Challenges:
The following challenges, amongst others, have been identified by the Industry Working Group as part of hindrances to the uptake of mobile money services:
-Resource contention and clamor for more participation in the value chain by the Telecommunication companies in order to partake in profit sharing.
-Limited Agency Distribution Outlets across the nation

-Lack of interoperability among competing technologies and payment systems (NIBSS, MNOs & MMOs).
-Lack of adequate collaboration between Government, Telcos and Banks to effectively promote the system.
-Lack of finance and underestimation of the amount of resources required to effectively build and grow Mobile Money business e.g. the agent network, technology and marketing.
-Limited access to ICT infrastructure by the end users

To address the aforementioned challenges enumerated above, the CBN emphasized on the need for the Commission to encourage the Telcos to register as Super Agents, along-side with other interested infrastructure service providers in order to stimulate their participation in the mobile payments ecosystem so as to facilitate the uptake of mobile money and financial inclusion services nation-wide.
However, finding the right technology and business models that are well suited for our peculiar operating environment has been a challenge as the actors have distinctly different business drivers and motives. Thus, continuous partnerships and strategic engagements, cooperation among the players and appropriate regulatory directions are required to help achieve the desired long term goal of this laudable initiative.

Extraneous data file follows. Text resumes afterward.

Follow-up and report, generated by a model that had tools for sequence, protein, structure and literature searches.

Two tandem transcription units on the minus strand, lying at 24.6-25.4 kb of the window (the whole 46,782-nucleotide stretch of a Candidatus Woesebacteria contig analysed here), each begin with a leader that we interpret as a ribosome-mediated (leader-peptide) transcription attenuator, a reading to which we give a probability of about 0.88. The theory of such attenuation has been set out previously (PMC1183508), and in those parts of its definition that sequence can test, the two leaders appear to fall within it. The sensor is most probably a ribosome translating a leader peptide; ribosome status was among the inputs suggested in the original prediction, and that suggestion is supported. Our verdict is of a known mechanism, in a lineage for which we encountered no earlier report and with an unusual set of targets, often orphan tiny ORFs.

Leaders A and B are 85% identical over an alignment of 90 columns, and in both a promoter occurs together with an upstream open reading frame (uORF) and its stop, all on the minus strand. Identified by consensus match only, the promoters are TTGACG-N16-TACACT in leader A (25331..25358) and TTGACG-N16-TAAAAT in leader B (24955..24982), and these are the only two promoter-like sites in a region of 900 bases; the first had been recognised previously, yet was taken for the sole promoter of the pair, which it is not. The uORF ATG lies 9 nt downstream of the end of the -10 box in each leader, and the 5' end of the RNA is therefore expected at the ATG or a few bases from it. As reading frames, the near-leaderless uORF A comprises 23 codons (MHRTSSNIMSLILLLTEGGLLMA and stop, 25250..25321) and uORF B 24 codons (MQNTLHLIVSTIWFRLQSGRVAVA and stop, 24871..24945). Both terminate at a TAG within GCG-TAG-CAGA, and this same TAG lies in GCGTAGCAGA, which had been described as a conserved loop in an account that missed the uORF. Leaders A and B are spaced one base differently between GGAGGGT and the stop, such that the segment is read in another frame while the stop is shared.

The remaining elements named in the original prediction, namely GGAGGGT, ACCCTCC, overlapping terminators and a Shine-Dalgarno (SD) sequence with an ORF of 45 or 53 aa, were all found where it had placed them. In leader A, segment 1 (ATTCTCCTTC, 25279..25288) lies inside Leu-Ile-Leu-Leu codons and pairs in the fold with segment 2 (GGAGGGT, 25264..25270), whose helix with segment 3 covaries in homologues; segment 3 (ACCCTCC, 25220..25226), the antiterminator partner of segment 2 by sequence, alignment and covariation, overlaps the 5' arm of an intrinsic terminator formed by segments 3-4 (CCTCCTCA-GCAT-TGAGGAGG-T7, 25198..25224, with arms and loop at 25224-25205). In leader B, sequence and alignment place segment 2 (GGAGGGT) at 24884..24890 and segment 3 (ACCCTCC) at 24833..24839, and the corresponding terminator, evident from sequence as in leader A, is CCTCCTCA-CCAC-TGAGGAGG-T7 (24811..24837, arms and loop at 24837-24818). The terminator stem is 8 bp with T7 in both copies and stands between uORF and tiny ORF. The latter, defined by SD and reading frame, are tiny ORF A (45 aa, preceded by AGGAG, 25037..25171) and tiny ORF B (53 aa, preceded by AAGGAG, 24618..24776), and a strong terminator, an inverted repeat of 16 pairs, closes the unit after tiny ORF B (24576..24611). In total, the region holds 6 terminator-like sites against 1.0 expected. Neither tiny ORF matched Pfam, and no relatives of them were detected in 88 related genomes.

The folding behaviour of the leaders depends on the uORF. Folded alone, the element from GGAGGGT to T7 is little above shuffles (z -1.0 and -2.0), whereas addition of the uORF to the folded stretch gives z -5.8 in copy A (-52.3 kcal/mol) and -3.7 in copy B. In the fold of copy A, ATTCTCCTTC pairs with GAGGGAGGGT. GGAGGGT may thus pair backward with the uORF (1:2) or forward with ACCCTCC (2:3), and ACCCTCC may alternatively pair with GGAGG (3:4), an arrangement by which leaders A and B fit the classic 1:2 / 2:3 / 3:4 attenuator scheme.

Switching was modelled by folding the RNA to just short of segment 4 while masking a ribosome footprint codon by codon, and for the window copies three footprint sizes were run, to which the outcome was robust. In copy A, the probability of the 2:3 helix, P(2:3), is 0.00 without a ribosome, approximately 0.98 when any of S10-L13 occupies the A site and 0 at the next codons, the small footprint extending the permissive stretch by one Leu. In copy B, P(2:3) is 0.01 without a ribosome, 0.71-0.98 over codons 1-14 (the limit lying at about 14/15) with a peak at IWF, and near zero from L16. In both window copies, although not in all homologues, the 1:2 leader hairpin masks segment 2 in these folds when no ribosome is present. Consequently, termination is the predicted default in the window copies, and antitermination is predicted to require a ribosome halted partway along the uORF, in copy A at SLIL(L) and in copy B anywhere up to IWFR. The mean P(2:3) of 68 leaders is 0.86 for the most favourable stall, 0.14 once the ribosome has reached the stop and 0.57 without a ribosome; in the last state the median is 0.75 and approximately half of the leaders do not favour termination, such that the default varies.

Mobile phone infrastructure was identified as a practical strategy for financial inclusion by the CBN, hence the development of a regulatory framework for Mobile Money Services in Nigeria in 2009. This was in response to the dictates of the PSV2020 document which emphasised on displacing cash in favour of electronic channels for payments, anchored on National utilisation and International recognisition
With the implementation of the framework, the inadequacies were brought to the fore, hence its review in 2015. This also resulted in the issuance of Guidelines on Mobile Money Services in Nigeria in March, 2015.
Akomen Omijeh, corporate communications manager, Nigerian Bottling Company; Goddie Ofose, chairman, Brand Journalist's Association of Nigeria (BJAN);  Francis Nwoboshi, head, mobile & acquiring channels, Stanbic IBTC, and Bolaji Abimbola, MD/ CEO, Indigo, at the BJAN 4th annual brand & marketing conference 2016, with the theme "Mobile Money in Nigeria" in Lagos, at the weekend. PHOTO;AKEEM SALAU
Possible solutions and enablers: